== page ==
I'm facing a problem that seems 'easy,' but I've been struggling with it for a while now in the field of anomaly/outlier detection.

I have a dataset of around 60K data points. Each data point is part of a group (~1500 groups; min group size is 15) and has a length parameter.

The task is to perform anomaly detection within the groups, i.e., if a data point has an irregular length compared to the other data points in the group, mark it as an anomaly.

I'm using a log2 transformation on the data, and after the transformation, the majority of groups (75%) are normally distributed based on Shapiro-Wilks test.

As a first solution, I tried the classical distance in std from the mean, where if the length is bigger than mean+3*std, then this is an anomaly.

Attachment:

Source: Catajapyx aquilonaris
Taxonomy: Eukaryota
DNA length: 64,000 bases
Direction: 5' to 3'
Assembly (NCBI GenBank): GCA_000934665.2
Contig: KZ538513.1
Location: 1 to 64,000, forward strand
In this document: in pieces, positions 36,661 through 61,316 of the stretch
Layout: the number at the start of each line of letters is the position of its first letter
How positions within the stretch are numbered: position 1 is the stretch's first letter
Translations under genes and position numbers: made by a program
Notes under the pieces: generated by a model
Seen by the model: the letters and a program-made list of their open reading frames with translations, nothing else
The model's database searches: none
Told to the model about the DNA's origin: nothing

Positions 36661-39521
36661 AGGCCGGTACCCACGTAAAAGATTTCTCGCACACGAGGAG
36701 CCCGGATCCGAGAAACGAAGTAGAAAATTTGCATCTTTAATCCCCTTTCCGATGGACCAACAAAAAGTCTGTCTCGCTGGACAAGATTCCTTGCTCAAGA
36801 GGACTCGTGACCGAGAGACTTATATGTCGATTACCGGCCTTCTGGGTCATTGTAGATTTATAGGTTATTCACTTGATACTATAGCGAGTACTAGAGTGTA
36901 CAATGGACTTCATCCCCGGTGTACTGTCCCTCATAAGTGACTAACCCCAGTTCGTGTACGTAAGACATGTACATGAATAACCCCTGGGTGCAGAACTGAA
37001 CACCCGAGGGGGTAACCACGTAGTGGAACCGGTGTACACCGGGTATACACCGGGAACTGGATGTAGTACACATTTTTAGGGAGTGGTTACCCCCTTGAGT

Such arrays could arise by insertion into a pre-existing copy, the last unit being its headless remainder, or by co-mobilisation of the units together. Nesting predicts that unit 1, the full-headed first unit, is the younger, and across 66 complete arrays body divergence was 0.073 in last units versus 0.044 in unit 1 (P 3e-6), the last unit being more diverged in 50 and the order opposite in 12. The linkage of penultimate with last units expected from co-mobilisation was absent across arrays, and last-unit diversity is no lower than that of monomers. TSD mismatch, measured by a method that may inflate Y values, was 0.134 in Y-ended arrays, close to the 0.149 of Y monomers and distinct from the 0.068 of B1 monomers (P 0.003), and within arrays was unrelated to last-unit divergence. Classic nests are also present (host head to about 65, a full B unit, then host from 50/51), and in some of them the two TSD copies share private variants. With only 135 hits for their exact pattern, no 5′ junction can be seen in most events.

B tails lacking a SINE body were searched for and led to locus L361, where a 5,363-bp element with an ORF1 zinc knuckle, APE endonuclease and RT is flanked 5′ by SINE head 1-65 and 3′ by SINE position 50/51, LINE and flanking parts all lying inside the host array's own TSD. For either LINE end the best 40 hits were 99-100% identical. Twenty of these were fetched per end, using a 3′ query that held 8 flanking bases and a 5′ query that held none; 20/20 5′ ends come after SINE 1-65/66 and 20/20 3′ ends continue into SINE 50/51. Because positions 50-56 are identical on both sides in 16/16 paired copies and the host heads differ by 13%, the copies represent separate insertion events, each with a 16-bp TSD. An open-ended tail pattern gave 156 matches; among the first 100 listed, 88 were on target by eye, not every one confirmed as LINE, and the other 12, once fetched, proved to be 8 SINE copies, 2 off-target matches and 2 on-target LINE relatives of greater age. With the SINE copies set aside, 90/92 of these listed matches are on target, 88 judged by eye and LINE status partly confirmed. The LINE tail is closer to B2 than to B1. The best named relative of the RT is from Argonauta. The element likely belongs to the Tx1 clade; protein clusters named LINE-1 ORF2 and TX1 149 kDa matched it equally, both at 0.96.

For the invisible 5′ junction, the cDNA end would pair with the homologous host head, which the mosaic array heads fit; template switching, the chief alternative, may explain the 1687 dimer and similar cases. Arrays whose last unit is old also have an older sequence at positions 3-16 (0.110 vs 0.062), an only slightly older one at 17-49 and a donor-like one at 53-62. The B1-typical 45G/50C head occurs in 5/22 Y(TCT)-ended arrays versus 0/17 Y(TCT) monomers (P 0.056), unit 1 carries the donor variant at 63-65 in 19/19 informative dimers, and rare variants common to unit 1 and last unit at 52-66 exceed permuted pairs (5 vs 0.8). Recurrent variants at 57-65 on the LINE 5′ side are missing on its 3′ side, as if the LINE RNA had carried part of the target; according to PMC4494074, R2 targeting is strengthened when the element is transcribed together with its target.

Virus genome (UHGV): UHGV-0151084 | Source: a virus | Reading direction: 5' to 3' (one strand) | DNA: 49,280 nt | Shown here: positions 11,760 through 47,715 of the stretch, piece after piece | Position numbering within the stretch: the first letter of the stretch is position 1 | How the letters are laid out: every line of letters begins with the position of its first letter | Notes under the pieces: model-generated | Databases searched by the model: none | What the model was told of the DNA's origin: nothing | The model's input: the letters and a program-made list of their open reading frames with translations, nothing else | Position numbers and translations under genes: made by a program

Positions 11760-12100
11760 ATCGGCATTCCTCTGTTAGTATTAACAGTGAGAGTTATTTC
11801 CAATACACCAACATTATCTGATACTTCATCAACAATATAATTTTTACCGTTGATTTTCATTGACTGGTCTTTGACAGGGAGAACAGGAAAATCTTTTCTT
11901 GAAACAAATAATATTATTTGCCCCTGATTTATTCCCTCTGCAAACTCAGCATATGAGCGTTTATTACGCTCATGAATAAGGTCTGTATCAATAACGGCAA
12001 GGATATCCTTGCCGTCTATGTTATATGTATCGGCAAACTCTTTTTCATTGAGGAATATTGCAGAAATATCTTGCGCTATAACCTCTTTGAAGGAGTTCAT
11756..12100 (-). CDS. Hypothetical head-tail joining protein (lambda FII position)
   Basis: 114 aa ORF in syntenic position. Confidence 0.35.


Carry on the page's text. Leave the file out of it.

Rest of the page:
I had 2 problems with this solution:

In groups with a high number of data points, where the vast majority of data points had the same or very similar length, the std was very small, thus making the threshold very small, and it resulted in alerting on data points, which I do not consider as anomalies.

This method resulted in a relatively high detection (~250 anomalies), and I aim to alert only a small number of the most extreme anomalies in my data across all the groups.

When I tried to increase the threshold, e.g., to 4std, I faced another problem, where I missed anomalies in groups where one data point had a very large length compared to the others, which resulted with a high std, and thus making the extreme data point to have a 'low' std from the mean distance.

I'd appreciate any help or thoughts on the subject. Thanks!


1 Answer 1


Consider swapping the Z-score for Median Absolute Deviation, it might improve robustness. Furthermore, it is critical to choose a threshold wisely. At minimum, plot the anomaly scores using a histogram, and see if you can select an appropriate point. It might also be that you need different strategies for the different subgroups.


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